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Marigolds: Tagetes erecta 'Moonsong Deep Orange'

Botanical name: Tagetes erecta 'Moonsong Deep Orange'

Common name: African marigold

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Photo credit: gardengirl
Marigolds: Tagetes erecta 'Moonsong Deep Orange'
Sprite
created by:
gardengirl

Austin, Tx

at a glance

Soil: damp, acidic, sand
Sun:
  
Zones: 9a thru 11a
Care:
easy
Lifespan:
annual
Category:   
Attributes:

deer resistant, fall interest

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description for "Marigolds: Tagetes erecta 'Moonsong Deep Orange'"

'Moonsong Deep Orange' African marigold's color cannot be captured by a picture. 2010 AAS Flower Award Winner. These blooms are fade resistant orange making other blooms look more golden. Large flower (2 1/2 to 3 1/2 inches) and fully double rank among the best of the class. Vigorous plants tolerate heat and drought. Easy to grow from seed - in the north, start seeds indoors. Plant outside when temps reach 60 degrees. In the south, sow directly into garden soil after last frost. Grow in full sun. Closest companions on the market are 'Inca II Orange' and 'Antiqua Orange.' Though thought of as a summer annual, works well for fall plantings too, especially as a chrysanthemum substitute. Great for borders and containers. A natural insect repellant for herb and vegetable gardens. Remove and discard spent flowers to encourage extended flowering and reduce "housing" for insects and disease. Foliage contact can irritate skin allergies. [Source: http://www.backyardgardener.com] Plant in full sun and water during periods of drought. USDA Zones 9 - 11. Marigolds are tender tropical plants and are killed by frost. Grown widely as garden annuals. Propagation: The black needle-like seeds can be easily sown directly where they are to be grown - even by young kids. When seedlings are 1-2 in (2.5-5 cm) high thin to 12 in (30 cm) apart. They can also be sown indoors and transplanted outdoors when danger of frost has passed. [source: http://www.floridata.com/ref/T/tage_spp.cfm] --edited by dtd pbcouchman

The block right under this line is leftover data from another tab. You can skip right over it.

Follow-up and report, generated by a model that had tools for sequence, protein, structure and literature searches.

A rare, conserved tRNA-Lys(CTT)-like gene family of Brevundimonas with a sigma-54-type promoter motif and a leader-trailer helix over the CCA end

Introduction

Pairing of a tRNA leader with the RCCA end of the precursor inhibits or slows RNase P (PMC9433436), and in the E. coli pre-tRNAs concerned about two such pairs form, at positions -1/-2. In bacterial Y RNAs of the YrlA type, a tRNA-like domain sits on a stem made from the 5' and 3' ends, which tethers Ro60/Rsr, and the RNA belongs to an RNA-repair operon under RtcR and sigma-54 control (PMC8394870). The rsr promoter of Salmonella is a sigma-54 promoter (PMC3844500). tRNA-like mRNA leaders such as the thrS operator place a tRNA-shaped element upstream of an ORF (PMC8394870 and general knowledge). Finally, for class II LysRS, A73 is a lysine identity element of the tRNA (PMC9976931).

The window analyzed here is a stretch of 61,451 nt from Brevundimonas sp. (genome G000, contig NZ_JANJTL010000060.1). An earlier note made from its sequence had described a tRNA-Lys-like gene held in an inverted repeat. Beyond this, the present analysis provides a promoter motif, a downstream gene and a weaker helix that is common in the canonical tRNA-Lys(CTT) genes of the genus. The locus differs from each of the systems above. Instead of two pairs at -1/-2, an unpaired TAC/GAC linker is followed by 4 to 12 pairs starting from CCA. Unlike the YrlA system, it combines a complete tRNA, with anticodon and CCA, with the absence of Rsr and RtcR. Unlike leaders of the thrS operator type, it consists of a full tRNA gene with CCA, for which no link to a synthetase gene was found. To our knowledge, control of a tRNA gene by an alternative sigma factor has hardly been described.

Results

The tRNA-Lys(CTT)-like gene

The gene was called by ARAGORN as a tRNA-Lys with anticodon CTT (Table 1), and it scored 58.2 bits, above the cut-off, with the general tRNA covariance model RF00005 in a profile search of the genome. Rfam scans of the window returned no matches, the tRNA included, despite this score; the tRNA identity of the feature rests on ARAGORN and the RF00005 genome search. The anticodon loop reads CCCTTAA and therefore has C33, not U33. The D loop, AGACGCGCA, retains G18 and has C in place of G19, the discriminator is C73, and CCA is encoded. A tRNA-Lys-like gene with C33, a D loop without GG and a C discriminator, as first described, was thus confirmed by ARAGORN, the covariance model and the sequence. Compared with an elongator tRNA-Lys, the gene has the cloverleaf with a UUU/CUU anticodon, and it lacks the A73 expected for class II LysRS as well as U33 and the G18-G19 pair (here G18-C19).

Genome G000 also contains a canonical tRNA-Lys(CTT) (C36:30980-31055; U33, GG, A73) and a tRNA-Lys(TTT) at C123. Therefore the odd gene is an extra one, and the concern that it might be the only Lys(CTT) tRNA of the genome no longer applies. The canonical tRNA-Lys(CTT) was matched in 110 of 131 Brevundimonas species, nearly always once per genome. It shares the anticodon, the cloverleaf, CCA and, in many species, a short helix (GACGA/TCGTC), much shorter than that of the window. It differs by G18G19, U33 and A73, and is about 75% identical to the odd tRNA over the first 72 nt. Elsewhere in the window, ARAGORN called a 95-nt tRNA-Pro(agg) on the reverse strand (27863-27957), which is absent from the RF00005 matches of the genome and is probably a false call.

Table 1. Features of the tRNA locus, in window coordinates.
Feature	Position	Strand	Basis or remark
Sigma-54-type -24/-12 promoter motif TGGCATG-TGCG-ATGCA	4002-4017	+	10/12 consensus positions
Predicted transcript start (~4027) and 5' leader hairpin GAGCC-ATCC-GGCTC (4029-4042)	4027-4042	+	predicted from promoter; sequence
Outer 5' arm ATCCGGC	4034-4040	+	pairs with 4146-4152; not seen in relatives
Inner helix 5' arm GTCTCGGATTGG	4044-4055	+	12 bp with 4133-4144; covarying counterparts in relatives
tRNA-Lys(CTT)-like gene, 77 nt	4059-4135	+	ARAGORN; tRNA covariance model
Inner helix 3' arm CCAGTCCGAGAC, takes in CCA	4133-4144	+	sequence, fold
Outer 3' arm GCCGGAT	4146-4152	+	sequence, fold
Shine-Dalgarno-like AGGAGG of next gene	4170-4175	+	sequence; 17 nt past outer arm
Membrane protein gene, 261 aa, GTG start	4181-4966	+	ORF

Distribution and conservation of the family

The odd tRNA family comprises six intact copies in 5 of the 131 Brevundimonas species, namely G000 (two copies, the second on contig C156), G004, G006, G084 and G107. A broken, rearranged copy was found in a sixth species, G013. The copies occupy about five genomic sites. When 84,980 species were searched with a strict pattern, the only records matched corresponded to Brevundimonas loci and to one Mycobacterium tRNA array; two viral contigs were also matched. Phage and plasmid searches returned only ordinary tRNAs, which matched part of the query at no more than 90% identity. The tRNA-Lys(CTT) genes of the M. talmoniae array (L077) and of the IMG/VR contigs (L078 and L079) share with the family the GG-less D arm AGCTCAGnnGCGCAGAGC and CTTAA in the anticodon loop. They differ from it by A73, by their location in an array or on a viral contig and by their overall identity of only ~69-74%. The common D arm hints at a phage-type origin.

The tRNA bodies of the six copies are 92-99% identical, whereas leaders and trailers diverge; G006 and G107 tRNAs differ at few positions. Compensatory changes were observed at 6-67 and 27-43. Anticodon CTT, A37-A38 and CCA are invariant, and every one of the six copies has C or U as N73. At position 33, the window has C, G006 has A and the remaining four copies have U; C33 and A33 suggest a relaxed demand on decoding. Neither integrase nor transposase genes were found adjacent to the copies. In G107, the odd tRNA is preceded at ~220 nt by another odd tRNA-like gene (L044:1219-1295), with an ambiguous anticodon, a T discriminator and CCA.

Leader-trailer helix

History:

2010 AAS Flower Award Winner. Bred by Syngenta Flowers. The African Marigold is misnamed, the center of origin is from Mexico to South America. The plant did not originate in Africa, but the name remains.

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